Over the last few weeks I’ve seen a frequent search term that leads people here to Frugal Dad: “Should We Pay Off Credit Card Debt Before Having a Baby?” I make two assumptions from the volume of hits I’ve received–there are a lot of people interested in having a baby, and there are a lot of people deep in credit card debt. Many financial planners out there advise to have your financial house in order before expanding your family. In general terms, I think that is pretty good advice. However, I do not fully subscribe to the idea of holding off on having children just because you owe money. Here are a few reasons why.
If You Wait for the Perfect Time, You May Wait Forever
So many times in our lives we put things off in the name of waiting for a better time to get started. Many people put off weight loss plans until next Monday, or next month, or maybe January 1st. High school graduates put off immediately attending school to “experience life” through backpacking adventures, or working, or just taking a break and living at home. But those things seem awfully trivial compared to the idea of having a child. Children are our legacy. Raising a child is one of the most beautiful experiences two people can share, and it deepens the love shared between partners in parenting. Because we never know what twists and turns life will throw our way, it isn’t advisable to wait to have children simply in the name of finances.
Kids Are Not Really That Expensive
When you think about it, babies do not require as much upkeep as us adults. Sure, they must be diapered and fed, and there are a few other baby expenses unique to having children, but babies do not eat nearly as much as grown adults. Infants have not yet been exposed to commercialism, so their wants and desires are fairly easy to cover without spending much money. Of course, as they grow older kids do add additional expenses to your household budget. Hopefully by the time you are school shopping and fitting them for their first bicycle you will be doing better financially, and can easily handle any budget impacts.
Kids Can Inspire Greatness From Parents
When my wife and I decided to try for our first child some thought we were a too young. We married at 20 years old (well, my wife was 19, a bit shy of her 20th birthday). We were so young we toasted sparkling grape juice at our wedding! However, we were both mature beyond our years and neither of us believed in long engagements. After all, once you’ve met your soul mate, why delay the inevitable?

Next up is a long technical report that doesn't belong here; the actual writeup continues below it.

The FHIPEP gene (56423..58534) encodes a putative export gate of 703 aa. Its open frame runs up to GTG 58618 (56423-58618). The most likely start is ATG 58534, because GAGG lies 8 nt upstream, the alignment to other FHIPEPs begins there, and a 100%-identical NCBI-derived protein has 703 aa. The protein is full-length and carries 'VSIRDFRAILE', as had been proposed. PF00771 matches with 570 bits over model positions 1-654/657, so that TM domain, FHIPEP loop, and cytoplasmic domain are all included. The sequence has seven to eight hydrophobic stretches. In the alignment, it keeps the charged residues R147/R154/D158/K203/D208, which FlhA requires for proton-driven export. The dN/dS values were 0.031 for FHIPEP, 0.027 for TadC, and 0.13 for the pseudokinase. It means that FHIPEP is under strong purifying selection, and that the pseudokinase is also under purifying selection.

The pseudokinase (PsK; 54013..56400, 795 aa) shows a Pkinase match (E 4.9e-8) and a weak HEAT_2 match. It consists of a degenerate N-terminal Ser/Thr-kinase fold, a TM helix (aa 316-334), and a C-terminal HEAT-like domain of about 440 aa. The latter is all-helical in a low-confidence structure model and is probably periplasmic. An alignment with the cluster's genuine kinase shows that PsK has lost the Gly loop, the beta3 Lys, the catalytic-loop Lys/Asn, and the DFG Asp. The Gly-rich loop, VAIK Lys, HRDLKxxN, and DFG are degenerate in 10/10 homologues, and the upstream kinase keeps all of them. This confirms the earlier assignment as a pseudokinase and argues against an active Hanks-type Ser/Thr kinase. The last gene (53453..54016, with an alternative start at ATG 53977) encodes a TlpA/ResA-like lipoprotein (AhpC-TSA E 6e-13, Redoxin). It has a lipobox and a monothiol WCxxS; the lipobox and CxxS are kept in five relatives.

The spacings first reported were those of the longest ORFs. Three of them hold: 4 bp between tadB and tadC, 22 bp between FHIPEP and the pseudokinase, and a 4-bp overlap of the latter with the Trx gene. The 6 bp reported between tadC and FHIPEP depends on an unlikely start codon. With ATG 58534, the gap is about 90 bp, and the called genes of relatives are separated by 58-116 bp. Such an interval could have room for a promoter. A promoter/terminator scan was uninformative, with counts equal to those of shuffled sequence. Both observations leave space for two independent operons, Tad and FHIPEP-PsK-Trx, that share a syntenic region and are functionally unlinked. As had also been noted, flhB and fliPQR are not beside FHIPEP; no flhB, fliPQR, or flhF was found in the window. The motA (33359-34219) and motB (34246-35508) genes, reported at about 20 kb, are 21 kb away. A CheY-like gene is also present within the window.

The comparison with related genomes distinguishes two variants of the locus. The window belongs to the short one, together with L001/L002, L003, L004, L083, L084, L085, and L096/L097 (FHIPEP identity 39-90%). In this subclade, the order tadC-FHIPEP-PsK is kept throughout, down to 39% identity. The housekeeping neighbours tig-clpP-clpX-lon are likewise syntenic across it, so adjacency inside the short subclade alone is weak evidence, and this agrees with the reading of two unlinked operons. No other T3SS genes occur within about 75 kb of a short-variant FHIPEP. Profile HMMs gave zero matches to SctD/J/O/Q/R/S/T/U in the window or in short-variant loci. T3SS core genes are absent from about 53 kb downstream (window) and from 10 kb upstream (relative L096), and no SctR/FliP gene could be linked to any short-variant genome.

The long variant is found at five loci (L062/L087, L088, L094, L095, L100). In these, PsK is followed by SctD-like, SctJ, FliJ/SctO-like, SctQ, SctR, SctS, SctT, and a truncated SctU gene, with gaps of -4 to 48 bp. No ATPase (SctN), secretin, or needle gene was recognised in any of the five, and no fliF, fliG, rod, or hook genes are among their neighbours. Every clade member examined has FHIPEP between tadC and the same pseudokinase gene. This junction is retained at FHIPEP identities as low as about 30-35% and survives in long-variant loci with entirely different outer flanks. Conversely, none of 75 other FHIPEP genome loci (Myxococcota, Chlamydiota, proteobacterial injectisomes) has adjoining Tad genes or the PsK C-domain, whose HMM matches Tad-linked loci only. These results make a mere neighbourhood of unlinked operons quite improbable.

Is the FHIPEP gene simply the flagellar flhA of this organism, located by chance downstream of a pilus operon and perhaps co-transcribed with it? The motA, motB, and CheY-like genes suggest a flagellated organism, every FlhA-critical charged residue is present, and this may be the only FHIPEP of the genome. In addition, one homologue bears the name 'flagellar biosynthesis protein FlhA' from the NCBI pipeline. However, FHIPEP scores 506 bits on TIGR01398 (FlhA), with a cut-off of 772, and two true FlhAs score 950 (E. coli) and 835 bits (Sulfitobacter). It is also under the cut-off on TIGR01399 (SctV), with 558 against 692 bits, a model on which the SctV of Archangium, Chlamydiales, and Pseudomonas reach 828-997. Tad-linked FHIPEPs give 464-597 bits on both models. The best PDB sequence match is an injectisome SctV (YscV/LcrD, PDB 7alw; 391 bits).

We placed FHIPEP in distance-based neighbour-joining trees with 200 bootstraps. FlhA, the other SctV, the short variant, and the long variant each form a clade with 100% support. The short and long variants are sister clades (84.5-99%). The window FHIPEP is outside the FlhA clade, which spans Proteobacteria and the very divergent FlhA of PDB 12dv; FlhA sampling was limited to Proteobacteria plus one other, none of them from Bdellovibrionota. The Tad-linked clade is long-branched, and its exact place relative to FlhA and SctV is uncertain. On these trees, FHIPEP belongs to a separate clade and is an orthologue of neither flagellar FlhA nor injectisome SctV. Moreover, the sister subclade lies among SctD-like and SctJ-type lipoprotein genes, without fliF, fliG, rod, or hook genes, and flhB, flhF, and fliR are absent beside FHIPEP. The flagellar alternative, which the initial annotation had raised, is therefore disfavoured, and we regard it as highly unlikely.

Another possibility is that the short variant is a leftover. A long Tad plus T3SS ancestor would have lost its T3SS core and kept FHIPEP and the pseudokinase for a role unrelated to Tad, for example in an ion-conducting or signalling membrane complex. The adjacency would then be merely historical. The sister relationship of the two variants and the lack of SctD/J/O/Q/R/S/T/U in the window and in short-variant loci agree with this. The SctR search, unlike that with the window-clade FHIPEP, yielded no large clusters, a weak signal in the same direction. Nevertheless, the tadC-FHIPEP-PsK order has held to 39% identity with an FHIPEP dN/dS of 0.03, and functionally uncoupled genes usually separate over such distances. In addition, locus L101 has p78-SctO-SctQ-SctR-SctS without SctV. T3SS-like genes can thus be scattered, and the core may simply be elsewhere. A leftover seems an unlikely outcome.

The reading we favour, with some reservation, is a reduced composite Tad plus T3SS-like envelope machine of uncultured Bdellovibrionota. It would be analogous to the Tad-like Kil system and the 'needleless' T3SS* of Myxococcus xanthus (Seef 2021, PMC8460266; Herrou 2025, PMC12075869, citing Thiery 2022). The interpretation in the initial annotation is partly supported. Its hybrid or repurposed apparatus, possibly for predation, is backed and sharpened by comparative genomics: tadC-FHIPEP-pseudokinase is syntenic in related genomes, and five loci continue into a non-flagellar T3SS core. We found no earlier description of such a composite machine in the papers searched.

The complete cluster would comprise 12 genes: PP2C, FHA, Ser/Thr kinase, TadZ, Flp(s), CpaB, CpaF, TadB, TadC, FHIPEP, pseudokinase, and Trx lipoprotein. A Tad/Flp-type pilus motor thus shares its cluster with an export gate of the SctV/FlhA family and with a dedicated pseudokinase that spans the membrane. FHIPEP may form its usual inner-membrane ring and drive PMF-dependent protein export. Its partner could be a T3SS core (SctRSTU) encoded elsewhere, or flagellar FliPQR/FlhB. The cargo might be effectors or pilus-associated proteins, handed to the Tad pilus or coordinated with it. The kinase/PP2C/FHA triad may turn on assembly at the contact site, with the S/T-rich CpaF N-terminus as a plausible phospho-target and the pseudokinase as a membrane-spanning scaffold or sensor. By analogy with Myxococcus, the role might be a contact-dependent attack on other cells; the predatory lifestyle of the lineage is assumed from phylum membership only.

I had just started an entry level call center customer service job when my wife and married, and I quickly recognized moving up in the corporate world would be more difficult without returning to school to finish up my degree. I put school on the back burner, and instead spent the first year or so of marriage just enjoying being married. When my daughter was born everything changed. It was a reality check that led to a wake up call, of sorts. Suddenly I realized there was more at stake than just my wife and I surviving, financially. I wanted nice things for my daughter. I wanted her to have an easier path than I did (although thanks to the hard work of my mom and grandparents, I had it pretty good, too).
So the summer after she was born I enrolled in a local university, changed majors to business, and embarked on a long, challenging pursuit of a college degree. It was probably the worst timing possible considering I had a wife and newborn daughter at home, but I was not going to put off the pursuit of my dreams any longer.
When deciding whether or not to start a family, do not allow financial issues to completely dissuade you. Give more consideration to the partner you have chosen to share this responsibility. Give more consideration to readying your home for a child. Do not allow money to control your destiny, and the destiny of your children.